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Queensland cattleman Peter Hughes joins Wagyu Hall of Fame

Jon Condon, 27/04/2022

PROMINENT Queensland cattleman Peter Hughes was inducted into the Australian Wagyu Association’s Hall of Fame during the opening stages of the 2022 Wagyu Edge Conference being staged in Melbourne this week.

Mr Hughes, his wife, Jane and family, have grown their Hughes Pastoral and Georgina Pastoral businesses into what is thought to be the largest privately-owned Wagyu cattle business in the world, now running around 200,000 head of cattle across properties in Queensland, the Northern Territory and northern NSW.

About 420 Wagyu supply chain stakeholders from across Australia, North and South America, Europe and Northern and Southern Asia are attending this year’s AWA conference – regarded as the largest breed-specific beef gathering in the country.

“Right across the Australian Wagyu supply chain, there are dedicated and talented individuals working to improve our breed – and there is a lot to be optimistic about,” AWA president Charlie Perry said in his opening remarks.

From a position where the breed had less than 20 members only 25 years ago, today the AWA was the third biggest breed association in Australia by membership numbers, and the second biggest by numbers of cattle registered. Mr Perry said this statistic obviously did not capture the vast numbers of cattle now involved in Wagyu F1 programs.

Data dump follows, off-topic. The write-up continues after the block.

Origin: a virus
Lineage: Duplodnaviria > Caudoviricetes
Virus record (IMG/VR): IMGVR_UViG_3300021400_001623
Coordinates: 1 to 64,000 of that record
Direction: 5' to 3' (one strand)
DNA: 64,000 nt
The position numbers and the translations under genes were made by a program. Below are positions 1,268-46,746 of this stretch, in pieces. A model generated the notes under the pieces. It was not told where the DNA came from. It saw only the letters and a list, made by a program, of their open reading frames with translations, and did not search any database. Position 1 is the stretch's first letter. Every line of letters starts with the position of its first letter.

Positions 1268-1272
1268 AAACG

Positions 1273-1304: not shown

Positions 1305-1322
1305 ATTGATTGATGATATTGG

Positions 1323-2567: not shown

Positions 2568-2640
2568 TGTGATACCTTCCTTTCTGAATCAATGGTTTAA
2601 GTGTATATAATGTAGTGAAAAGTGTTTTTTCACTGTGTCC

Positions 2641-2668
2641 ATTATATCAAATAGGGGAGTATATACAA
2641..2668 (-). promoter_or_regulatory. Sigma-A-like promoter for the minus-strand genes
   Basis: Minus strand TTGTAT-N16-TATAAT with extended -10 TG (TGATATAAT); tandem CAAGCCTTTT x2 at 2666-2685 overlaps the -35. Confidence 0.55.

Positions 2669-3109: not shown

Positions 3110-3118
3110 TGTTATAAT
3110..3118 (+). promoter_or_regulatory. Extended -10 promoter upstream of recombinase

“The Wagyu animal is now an absolutely integral part of the Australian beef industry,” he said.

In providing a tribute to Peter Hughes, Mr Perry portrayed him as a calculated risk-taker, prepared to adapt in a world of increasingly rapid and constant change.

“Peter Hughes is a true giant of the Australian beef industry,” he said.

“In recognising him, we acknowledge the immense contribution he has made to the growth in Australian Wagyu. His impact spans all aspects of Wagyu production, from supporting the development of new Wagyu producers, to the establishment of global supply chains.”

“The Hughes family is among the pioneers in the Australian Wagyu industry, as well as the current wave of consolidation and development of Australian pastoral properties.”